“They prioritize the struggle of one country over the struggle of another, which is — I think — the incorrect way to do that because all of us are going through something,” Issa said. “The school responded to the war in Ukraine, which we are grateful for as the Eastern European community. But, when there was a conflict between Armenia and Azerbaijan, the school dismissed it. They didn’t offer any place of help or support for the Armenian students here.”
Much like many Western media outlets, the coverage of international conflict and contention varies widely depending on its region of origin. Such discrepancies have left many international students — who comprise roughly 10 percent of Whitman’s student body — unsatisfied. As tends to be the case in marginalized communities, non-American students at Whitman often need to elevate their own issues in order to be heard. Freedom Songs serves as a potent site for this work.
Junior Marharyta Tkachenka, this year’s event coordinator, spoke to the importance of Freedom Songs as a means of amplifying non-dominant narratives.
“Freedom Songs is the opportunity to start the conversation about the issues that are not as vastly discussed and covered by the Western media,” Tkachenka said. “It’s an ability to offer a platform for people in our community who are often overlooked or ignored.”
This year’s creative director, junior Marina Balasanyan, agreed with this sentiment, highlighting the event’s ability to create community, display support and educate simultaneously. In addition to the myriad ways in which Freedom Songs benefits international students, Balasanyan also stressed the importance of international student involvement in the event.
“I believe that for this year’s theme the team is perfect,” Balasanyan said. “We can all relate to the topic; we’re all dedicated to it. We all come from one place or [another] that sparks a reason for Freedom Songs to exist.”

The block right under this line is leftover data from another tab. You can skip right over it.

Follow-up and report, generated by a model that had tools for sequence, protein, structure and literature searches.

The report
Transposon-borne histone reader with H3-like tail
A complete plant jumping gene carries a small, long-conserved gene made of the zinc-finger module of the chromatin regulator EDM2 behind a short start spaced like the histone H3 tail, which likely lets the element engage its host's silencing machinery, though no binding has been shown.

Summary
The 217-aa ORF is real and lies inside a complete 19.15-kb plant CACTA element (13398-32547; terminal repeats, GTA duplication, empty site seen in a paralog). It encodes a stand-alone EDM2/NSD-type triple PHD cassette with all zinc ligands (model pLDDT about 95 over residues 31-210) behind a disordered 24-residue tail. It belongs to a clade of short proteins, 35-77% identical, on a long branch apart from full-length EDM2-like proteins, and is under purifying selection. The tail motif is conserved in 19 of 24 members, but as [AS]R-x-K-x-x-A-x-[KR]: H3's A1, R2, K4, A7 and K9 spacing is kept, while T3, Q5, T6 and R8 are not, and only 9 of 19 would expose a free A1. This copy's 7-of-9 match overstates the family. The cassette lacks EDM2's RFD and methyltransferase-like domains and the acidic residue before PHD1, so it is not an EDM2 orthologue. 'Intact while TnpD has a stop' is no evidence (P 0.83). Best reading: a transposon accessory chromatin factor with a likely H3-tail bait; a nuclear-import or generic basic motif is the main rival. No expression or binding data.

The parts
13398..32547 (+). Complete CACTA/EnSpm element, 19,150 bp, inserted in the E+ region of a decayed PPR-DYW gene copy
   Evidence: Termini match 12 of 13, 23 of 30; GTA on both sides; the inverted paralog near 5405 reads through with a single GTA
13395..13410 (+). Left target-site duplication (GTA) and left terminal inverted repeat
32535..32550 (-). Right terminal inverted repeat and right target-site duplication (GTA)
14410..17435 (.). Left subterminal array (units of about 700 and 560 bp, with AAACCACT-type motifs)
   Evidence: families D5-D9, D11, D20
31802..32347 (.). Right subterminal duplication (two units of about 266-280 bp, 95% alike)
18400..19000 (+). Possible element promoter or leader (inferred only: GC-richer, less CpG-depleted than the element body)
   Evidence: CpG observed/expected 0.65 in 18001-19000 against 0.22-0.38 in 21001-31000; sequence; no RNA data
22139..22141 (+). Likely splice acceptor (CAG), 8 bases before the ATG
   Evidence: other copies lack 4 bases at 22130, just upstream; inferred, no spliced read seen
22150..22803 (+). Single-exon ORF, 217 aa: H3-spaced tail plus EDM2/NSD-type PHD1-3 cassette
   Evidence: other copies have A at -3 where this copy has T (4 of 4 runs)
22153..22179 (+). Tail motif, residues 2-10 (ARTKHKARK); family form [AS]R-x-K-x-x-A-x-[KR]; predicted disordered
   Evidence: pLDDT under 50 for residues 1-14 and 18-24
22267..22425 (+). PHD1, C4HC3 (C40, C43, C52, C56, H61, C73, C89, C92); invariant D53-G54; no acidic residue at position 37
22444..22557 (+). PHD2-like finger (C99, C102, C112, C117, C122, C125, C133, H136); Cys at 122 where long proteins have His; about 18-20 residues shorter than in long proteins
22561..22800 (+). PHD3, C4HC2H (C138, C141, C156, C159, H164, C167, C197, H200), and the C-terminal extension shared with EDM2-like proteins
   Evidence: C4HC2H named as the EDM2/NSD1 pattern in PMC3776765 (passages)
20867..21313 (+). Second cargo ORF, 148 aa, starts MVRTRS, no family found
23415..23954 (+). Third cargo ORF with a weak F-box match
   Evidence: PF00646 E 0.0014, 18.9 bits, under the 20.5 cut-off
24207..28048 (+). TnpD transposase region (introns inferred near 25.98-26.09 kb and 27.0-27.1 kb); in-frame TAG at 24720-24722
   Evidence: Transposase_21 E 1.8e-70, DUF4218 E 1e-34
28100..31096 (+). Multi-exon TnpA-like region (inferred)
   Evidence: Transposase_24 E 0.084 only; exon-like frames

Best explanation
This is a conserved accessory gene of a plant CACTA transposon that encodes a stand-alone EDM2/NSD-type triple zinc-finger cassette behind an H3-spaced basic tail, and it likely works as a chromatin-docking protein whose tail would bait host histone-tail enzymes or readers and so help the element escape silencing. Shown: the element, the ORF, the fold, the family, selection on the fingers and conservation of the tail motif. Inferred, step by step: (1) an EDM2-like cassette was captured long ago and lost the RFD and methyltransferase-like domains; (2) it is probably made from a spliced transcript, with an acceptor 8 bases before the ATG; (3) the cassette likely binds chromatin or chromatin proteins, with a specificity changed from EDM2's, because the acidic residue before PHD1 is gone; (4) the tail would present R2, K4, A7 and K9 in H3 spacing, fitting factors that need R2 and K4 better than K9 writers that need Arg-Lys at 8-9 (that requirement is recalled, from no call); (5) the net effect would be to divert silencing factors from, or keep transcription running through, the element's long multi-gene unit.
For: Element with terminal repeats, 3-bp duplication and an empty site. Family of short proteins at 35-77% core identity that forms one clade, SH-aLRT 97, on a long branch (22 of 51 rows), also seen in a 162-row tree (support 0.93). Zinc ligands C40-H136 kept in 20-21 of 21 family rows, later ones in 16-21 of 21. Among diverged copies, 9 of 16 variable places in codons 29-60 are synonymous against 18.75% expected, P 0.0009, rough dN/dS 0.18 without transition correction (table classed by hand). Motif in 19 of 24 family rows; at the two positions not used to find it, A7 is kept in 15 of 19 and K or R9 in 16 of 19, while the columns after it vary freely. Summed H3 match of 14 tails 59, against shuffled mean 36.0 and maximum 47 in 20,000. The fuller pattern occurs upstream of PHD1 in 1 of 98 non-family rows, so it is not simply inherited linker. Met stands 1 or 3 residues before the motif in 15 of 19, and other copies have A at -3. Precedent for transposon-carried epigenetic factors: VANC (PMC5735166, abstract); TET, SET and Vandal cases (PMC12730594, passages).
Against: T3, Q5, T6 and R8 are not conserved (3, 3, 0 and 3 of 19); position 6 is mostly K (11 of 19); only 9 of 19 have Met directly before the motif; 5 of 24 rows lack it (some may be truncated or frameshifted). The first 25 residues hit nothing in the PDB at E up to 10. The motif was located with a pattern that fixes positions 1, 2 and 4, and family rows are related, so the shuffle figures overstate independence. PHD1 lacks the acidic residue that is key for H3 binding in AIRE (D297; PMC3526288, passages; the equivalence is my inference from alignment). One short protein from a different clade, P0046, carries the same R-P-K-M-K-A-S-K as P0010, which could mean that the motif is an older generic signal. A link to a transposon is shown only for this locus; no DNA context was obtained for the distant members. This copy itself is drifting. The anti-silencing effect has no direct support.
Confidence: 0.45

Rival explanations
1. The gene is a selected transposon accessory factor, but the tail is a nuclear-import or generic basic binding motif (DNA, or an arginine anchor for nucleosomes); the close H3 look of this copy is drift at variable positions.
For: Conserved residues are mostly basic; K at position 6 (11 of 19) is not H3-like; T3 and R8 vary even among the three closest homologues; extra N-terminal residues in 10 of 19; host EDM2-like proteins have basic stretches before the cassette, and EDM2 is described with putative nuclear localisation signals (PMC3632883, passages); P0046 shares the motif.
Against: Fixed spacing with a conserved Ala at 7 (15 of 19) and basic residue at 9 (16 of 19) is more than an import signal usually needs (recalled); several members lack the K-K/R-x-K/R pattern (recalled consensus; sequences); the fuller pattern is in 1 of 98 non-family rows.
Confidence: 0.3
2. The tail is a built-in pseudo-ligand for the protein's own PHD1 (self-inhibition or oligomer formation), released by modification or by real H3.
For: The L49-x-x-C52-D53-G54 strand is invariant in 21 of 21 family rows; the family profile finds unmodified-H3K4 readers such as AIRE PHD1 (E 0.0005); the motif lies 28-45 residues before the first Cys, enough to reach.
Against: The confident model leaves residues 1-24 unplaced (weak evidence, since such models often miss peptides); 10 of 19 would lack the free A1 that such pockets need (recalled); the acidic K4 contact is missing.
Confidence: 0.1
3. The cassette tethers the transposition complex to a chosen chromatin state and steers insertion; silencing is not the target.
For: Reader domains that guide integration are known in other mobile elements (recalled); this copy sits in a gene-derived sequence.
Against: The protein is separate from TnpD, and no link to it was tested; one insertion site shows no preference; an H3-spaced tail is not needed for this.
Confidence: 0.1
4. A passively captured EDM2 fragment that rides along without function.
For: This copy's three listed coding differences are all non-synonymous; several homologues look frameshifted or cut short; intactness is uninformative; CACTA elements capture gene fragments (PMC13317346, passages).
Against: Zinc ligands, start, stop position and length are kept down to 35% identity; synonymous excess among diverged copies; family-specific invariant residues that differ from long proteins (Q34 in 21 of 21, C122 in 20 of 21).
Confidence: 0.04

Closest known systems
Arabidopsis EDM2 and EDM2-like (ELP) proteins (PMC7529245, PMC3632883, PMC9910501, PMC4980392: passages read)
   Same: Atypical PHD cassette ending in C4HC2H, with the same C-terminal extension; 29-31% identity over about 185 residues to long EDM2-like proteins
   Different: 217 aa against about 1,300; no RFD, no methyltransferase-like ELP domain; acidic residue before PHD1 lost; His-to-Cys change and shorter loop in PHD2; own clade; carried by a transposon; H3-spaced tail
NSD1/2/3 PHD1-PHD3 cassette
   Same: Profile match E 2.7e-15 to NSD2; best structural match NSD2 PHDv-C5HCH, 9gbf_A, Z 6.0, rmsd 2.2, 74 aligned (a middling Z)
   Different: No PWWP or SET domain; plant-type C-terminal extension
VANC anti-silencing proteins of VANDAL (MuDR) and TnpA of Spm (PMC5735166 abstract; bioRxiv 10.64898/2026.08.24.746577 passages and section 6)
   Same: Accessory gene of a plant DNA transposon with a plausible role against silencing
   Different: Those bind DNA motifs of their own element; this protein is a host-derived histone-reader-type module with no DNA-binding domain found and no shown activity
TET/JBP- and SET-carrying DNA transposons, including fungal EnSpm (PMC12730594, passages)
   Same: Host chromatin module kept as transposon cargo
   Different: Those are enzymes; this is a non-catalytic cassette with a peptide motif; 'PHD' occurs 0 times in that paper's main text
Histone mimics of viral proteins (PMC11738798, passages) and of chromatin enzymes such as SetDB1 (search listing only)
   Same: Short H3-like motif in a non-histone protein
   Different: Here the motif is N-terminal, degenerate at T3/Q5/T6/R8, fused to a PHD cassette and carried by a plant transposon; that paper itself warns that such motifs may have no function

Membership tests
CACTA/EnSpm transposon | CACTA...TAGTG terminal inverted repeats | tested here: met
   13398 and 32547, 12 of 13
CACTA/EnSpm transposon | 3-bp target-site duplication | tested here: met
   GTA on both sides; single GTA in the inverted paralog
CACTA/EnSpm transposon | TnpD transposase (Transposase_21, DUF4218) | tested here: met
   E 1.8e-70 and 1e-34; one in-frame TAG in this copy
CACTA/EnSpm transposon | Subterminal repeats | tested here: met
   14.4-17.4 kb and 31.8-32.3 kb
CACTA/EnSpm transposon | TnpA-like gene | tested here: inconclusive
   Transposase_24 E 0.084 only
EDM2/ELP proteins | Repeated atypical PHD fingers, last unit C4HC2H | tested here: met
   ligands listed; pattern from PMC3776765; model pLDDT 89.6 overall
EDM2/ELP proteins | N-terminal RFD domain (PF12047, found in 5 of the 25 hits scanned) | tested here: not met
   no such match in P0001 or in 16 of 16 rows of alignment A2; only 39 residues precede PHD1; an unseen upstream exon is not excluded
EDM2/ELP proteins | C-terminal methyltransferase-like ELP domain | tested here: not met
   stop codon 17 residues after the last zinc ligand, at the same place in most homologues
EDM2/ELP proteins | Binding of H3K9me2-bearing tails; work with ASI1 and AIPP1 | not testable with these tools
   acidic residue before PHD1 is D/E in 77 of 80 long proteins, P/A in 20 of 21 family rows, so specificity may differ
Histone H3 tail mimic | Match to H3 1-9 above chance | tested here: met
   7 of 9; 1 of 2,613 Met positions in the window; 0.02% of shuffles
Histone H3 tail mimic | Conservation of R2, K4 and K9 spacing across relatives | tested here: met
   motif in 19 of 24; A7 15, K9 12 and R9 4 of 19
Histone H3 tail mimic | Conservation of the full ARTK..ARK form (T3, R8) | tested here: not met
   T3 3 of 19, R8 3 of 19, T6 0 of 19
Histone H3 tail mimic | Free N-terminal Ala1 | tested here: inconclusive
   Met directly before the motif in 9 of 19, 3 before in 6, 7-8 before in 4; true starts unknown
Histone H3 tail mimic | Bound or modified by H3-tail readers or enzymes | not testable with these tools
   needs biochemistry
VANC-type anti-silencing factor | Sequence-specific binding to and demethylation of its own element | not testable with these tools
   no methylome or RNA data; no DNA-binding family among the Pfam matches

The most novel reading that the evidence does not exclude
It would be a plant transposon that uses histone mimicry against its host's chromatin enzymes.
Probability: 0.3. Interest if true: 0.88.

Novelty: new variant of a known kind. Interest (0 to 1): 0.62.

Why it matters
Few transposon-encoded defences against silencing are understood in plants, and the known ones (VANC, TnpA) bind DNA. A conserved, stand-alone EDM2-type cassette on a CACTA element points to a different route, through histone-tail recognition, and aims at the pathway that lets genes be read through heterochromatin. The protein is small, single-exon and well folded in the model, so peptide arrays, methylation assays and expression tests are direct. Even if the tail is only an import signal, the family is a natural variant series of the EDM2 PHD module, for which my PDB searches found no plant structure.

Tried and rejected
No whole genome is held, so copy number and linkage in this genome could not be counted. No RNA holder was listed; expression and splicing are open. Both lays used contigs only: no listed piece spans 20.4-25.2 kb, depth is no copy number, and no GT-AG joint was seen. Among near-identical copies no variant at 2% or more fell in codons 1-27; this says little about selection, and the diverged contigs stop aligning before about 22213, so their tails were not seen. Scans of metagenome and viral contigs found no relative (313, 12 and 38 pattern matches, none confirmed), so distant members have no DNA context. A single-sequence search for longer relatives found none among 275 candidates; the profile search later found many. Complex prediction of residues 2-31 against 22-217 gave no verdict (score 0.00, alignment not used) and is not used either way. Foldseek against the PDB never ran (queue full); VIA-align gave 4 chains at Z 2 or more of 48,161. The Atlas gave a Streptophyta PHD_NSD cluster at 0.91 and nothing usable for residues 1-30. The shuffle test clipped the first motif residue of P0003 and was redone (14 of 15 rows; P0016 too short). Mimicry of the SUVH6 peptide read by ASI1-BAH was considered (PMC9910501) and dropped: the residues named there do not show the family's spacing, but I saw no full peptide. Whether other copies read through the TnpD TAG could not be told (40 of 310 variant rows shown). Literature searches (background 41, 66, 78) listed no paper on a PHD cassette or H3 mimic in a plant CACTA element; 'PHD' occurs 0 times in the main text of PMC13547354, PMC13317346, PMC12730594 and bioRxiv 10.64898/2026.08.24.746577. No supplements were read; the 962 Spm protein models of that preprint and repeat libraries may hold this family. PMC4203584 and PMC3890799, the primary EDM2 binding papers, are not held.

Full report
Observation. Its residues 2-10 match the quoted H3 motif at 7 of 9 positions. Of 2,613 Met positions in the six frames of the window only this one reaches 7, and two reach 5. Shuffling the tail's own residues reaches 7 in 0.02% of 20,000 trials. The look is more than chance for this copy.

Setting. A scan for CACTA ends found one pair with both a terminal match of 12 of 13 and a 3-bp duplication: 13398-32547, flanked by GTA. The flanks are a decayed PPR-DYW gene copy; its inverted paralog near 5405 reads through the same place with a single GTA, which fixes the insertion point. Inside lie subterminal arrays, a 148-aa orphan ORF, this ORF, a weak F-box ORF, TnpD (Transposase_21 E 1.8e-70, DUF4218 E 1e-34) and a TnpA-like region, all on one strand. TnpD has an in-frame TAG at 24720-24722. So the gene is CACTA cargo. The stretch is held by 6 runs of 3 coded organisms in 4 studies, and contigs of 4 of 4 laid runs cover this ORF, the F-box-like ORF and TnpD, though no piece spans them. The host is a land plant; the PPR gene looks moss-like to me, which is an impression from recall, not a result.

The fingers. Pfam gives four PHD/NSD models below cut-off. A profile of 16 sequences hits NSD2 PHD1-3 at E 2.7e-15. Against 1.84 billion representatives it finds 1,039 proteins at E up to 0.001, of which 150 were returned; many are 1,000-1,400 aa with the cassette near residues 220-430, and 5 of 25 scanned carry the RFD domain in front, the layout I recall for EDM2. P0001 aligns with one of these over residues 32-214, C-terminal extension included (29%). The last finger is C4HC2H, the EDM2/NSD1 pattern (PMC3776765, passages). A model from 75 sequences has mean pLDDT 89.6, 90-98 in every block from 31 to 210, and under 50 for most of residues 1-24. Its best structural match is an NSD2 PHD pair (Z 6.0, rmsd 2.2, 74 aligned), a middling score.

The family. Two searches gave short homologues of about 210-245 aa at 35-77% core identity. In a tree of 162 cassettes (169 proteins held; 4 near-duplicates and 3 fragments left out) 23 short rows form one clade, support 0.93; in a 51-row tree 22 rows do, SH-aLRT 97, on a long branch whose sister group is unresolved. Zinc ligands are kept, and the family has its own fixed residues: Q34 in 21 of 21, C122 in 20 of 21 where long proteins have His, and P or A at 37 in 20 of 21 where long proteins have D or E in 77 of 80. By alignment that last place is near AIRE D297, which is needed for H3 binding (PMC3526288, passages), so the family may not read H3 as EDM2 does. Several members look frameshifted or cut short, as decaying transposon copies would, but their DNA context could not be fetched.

This year’s executive team conceived of the theme, “Art is our Resistance,” as a tribute to people fighting for freedom, many of whom hail from the team’s own home countries. According to Issa, as much as the team wishes to pay homage to those speaking up and rebelling at great personal risk, they wish equally to honor those forced into silence.
“We wanted to somehow acknowledge and respect all the people who are brave enough to speak up or to do some action — or even to stay silent,” Issa said. “Sometimes it’s a choice, which nobody can judge [them] for.”
One goal of Freedom Songs is the removal of this shroud of silence, which often exists at Whitman in discussions of oppression and conflict. People often reference the “Whitman Bubble,” a phantasm of privilege from which poverty and racism are absent. Both Issa and Balasanyan mentioned a bubble, specifically one in which domestic students remain blissfully unaware of overseas turmoil.
“We live in a bubble that protects us from the scary things that happen in the world, but there are people in our very community affected by those scary things,” Balasanyan said. “This concert is meant to let them speak up.”
Issa added to this sentiment.
“The zine and the performance is a platform that we encourage people to use to speak up … You feel like you’re doing something to break this bubble — you feel your own impact.”
While rewarding, the labor that the team has put into the event has also been “very personal and painful as well,” Tkachenka said. With deeply felt investment in the mission of Freedom Songs, Tkachenka and her collaborators have created a profoundly personal, galvanizing project.
“Expect to be touched in languages you don’t know, or in cultural performances that you’ve never experienced,” Balasanyan said.
The Freedom Songs concert will take place in Harper Joy Theatre on Saturday, Dec. 10 at 7 p.m.
Source: Whitman Wire